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Using the Global Atom Table

Posted on 1999-06-22
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It has been suggested that Windows allocates handles to Atoms on a sequential basis. i.e. if an application performs a GlobalAddAtom and the atom value 0xC000 is returned from the initial call, will it ALWAYS be the case that the next call to GlobalAddAtom will return the previous atom value + 1 - assume that atom strings are unique.

Or is there a risk that 'holes' may appear in the atom values? e.g. 0xC001, 0xC003, 0xC00A etc.


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Question by:james_m_carr
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the system generates an atom that is unique throughout the system. Any application that has the atom can obtain the string it identifies by querying the global atom table.
An application that defines a private DDE-data format for sharing data with other applications should place the format name in the global atom table. This technique prevents conflicts with the names of formats defined by the system or by other applications, and makes the identifiers (atoms) for the messages or formats available to the other applications.
An application creates a local atom by calling the AddAtom function; it creates a global atom by calling the GlobalAddAtom function. Both functions require a pointer to a string. The system searches the appropriate atom table for the string and returns the corresponding atom to the application. In the case of a string atom, if the string already resides in the atom table, the system increments the reference count for the string during this process.
Repeated calls to add the same atom name return the same atom. If the atom name does not exist in the table when AddAtom is called, the atom name is added to the table and a new atom is returned. If it is a string atom, its reference count is also set to one.
An application should call the DeleteAtom function when it no longer needs to use a local atom; it should call the GlobalDeleteAtom function when it no longer needs a global atom. In the case of a string atom, either of these functions reduces the reference count of the corresponding atom by one. When the reference count reaches zero, the system deletes the atom name from the table.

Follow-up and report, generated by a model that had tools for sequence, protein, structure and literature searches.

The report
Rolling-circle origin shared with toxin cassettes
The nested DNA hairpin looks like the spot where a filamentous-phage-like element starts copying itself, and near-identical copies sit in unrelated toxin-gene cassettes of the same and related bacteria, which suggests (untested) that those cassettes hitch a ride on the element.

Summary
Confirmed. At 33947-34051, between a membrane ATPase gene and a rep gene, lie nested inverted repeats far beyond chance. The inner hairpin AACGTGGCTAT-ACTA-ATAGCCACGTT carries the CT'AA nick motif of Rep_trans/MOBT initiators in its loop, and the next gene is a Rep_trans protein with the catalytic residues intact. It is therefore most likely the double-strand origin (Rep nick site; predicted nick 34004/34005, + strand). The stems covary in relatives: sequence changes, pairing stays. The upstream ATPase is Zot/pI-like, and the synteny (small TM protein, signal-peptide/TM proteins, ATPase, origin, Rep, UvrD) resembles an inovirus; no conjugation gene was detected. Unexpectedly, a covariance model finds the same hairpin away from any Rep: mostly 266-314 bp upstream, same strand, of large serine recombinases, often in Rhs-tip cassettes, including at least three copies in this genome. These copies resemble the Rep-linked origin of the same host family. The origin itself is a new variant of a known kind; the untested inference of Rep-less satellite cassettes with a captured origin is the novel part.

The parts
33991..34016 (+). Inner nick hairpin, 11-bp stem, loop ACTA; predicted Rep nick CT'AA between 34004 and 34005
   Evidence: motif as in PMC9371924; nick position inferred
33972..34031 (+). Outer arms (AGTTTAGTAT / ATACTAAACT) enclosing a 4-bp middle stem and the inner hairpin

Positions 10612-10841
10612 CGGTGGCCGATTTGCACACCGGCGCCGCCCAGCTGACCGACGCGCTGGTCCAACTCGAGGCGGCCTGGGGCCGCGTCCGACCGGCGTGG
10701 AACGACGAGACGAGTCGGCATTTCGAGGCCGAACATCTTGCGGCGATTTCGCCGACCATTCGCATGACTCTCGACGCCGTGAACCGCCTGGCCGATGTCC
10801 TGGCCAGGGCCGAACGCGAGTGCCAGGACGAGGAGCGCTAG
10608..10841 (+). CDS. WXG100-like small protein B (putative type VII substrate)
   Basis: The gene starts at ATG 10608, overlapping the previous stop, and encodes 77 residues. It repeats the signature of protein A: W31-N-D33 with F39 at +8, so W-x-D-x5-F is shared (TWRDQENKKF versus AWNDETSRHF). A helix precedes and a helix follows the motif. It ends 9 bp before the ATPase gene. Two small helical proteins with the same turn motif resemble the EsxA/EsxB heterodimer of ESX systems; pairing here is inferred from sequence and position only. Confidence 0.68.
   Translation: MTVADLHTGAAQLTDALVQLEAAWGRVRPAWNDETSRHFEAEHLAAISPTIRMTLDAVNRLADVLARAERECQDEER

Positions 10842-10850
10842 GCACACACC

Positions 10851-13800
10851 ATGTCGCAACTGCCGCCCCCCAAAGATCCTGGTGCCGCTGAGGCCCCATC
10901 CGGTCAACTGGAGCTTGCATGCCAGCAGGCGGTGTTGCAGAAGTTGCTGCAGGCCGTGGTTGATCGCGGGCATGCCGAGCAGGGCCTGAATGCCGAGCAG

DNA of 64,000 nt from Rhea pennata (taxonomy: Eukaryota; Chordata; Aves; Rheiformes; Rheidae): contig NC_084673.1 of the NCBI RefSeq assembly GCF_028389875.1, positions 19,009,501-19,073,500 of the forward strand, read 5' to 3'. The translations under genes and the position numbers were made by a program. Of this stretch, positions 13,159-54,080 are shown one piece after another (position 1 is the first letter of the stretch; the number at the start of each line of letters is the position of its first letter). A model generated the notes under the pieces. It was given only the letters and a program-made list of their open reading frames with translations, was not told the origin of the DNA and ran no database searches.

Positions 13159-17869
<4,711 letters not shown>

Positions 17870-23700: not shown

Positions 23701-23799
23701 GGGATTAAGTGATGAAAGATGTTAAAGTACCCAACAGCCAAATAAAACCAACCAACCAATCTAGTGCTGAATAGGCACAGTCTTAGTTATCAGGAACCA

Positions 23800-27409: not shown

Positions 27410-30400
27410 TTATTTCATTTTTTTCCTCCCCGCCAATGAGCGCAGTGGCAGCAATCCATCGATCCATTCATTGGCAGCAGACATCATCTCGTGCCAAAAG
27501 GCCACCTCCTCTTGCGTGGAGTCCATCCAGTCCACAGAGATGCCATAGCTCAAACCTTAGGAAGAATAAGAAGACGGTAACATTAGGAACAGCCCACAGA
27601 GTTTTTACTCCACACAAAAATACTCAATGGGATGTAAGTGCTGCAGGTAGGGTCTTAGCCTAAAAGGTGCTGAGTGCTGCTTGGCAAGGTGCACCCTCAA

The atom name of a string atom remains in the global atom table as long as its reference count is greater than zero, even after the application that placed it in the table terminates. A local atom table is destroyed when the associated application terminates, regardless of the reference counts of the atoms in the table.
The GlobalAddAtom function adds a character string to the global atom table and returns a unique value (an atom) identifying the string.
ATOM GlobalAddAtom(
  LPCTSTR lpString   // pointer to the string to add
);
Parameters
lpString
Points to the null-terminated string to be added. The string can have a maximum size of 255 bytes. Strings that differ only in case are considered identical. The case of the first string of this name added to the table is preserved and returned by the GlobalGetAtomName function.
Alternatively, you can use an integer atom that has been converted using the MAKEINTATOM macro. See the Remarks for more information.
Return Values
If the function succeeds, the return value is the newly created atom.
If the function fails, the return value is zero. To get extended error information, call GetLastError.
Remarks
If the string already exists in the global atom table, the atom for the existing string is returned and the atom's reference count is incremented.
The string associated with the atom is not deleted from memory until its reference count is zero. For more information, see the GlobalDeleteAtom function.
Global atoms are not deleted automatically when the application terminates. For every call to the GlobalAddAtom function, there must be a corresponding call to the GlobalDeleteAtom function.
If the lpString parameter has the form "#1234", GlobalAddAtom returns an integer atom whose value is the 16-bit representation of the decimal number specified in the string (0x04D2, in this example). If the decimal value specified is 0x0000 or is greater than or equal to 0xC000, the return value is zero, indicating an error. If lpString was created by the MAKEINTATOM macro, the low-order word must be in the range 0x0001 through 0xBFFF. If the low-order word is not in this range, the function fails.
If lpString has any other form, GlobalAddAtom returns a string atom.

If you want more infor on the Global Atom Table copy the link below and paste into your browser.  This is information of Atom Tables straight from Microsoft.

http://search.microsoft.com/us/dev/results.asp?nq=TRUE&SName=&SPath=&SCatalog=&qu=Atom+Table&Finish=search&Boolean=PHRASE&chkM=on&radM=1&chkM_1=on&chkM_2=on&chkM_3=on&chkM_5=on&chkM_7=on&chkM_9=on&chkM_11=on&chkM_12=on&chkM_13=on&chkM_14=on&chkM_15=on&chkM_16=on&chkM_17=on&chkS=on&radS=0&chkS_0=on&chkS_1=on&chkS_2=on&chkS_3=on&chkS_4=on&chkS_5=on&chkS_6=on&chkS_7=on&chkS_8=on&chkS_9=on&chkS_10=on&chkS_11=on&chkS_12=on&chkS_13=on&mh=10&sh=10

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